“Theater has changed very little in the last 500 years,” Biberman said. “I think the pandemic has really pushed people to force themselves to think of theater and conceptualize it in different ways. I think now, there’s this different mindset of experimentation, which I think is really, hopefully, going to be an opportunity to bring forward a lot of different voices that haven't been produced before.”
However, the virtual productions had the difficult challenge of emulating the essential elements of a live theater production. For many, including Parry, one of the main draws of theater is its in-person element.
“I got into theater because there is something magical about being in the same room with the people who are creating the art live, right there,” Parry said. “I think theater has the power to change minds and perspectives in a way that many other mediums do not, because of the magical live element.”
Choreographer in residence at Dartmouth Rebecca Stenn felt that dance productions have suffered due to the lack of live performances. She doesn’t think that virtual productions can adequately capture the energy of live performances.
“I feel bereft when I watch [dance] online, because I miss the visceral feeling,” Stenn said. “The scent of the room, the sweat glimmering on the dancers body and the vibration of the floor as they move.”
Theater performances often require a high level of collaboration, said theater department technical director Jason Merwin, making the remote format particularly challenging.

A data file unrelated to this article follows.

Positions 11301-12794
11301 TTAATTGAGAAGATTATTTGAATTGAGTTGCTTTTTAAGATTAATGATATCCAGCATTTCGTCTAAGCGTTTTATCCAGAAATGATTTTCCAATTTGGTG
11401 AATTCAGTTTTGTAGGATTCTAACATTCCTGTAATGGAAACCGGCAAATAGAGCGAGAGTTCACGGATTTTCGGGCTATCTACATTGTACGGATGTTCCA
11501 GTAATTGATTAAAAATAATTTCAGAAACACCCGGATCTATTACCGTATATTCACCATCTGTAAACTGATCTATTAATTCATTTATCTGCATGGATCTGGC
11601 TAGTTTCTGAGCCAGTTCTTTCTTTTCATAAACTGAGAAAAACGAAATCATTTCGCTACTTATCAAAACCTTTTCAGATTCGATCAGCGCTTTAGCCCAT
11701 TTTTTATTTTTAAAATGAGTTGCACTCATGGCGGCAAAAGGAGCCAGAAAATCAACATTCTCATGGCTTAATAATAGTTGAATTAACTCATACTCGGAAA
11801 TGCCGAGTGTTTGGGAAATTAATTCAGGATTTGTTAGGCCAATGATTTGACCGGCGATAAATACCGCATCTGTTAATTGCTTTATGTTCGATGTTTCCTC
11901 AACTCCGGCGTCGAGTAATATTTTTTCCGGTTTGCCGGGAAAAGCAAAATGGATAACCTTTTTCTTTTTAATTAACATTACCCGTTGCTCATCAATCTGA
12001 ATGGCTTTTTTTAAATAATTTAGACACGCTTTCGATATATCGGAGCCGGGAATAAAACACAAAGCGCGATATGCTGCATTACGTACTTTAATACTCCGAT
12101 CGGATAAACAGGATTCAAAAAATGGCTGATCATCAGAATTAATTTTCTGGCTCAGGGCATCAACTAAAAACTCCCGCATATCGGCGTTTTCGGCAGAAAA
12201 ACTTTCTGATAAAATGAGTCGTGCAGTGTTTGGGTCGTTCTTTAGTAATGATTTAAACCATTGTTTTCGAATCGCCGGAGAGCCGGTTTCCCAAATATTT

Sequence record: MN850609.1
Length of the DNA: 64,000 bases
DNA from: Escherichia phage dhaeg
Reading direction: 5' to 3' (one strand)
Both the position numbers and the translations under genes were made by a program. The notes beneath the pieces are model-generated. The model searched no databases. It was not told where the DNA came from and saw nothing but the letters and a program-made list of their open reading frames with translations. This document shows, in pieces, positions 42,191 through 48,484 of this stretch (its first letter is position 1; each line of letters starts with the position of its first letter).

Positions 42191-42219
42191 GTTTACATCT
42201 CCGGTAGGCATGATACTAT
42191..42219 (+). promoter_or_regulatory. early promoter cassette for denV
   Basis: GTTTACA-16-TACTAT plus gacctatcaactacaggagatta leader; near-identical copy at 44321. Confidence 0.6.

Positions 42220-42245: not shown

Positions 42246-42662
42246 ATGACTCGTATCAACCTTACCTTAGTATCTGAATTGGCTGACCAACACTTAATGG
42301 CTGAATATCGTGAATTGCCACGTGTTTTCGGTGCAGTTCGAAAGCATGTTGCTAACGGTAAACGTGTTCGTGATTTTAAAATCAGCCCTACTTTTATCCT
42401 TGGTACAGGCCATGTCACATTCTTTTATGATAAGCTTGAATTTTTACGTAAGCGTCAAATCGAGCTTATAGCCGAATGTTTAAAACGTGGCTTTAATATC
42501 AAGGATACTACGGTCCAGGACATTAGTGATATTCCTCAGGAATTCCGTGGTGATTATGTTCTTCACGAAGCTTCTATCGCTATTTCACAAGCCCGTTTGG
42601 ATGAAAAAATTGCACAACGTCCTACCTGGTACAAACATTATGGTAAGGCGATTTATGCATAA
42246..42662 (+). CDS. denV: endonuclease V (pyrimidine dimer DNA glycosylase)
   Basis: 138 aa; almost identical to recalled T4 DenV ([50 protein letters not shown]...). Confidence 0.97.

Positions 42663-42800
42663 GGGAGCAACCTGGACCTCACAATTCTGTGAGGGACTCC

“I can't walk down the hall and go into the director's office and say ‘Hey, can you explain to me this issue that we're having, and we can figure out how to solve it,’” Merwin said. “I’m going to send an email, and then I'm going to wait and wait and wait and hope for a response and hope that the response makes sense so I can help figure it out.”
Professor Carol Dunne is currently teaching the course THEA 35, “Acting for Musical Theater” in person; she and her eight students meet in Moore Theater. Now that Dunne is back in a theater space, she said she realizes the value of the in-person aspects of theater that were lost in a remote format.
“I've taught a ton at Dartmouth online,” she said. “I've learned being back in person, that the perfect, beautiful heart and soul of theater is live.”
Some students have still managed to find communities through theater — even remotely. Min Hur ’24 was involved with “The Radical Joy Project” and two honors thesis productions, all of which took place virtually. She feels that the connections she has made through the department, both with fellow cast members and with faculty, have made her feel very welcomed.
“Even through Zoom, involvement in theater really helped us transition onto this new campus,” Hur said.
Those involved with theater are excited to get back in the physical theater space. When Warden returned to the Warner Bentley Theater, she said “it was almost overwhelming, just to be in the space again, and the fact that we haven't been allowed to be in that space for so long has just been so heartbreaking.”
Correction appended (May 22, 2021): A previous version of this article misattributed one of Warden’s statements to Biberman. The article has been updated to reflect the correct attribution.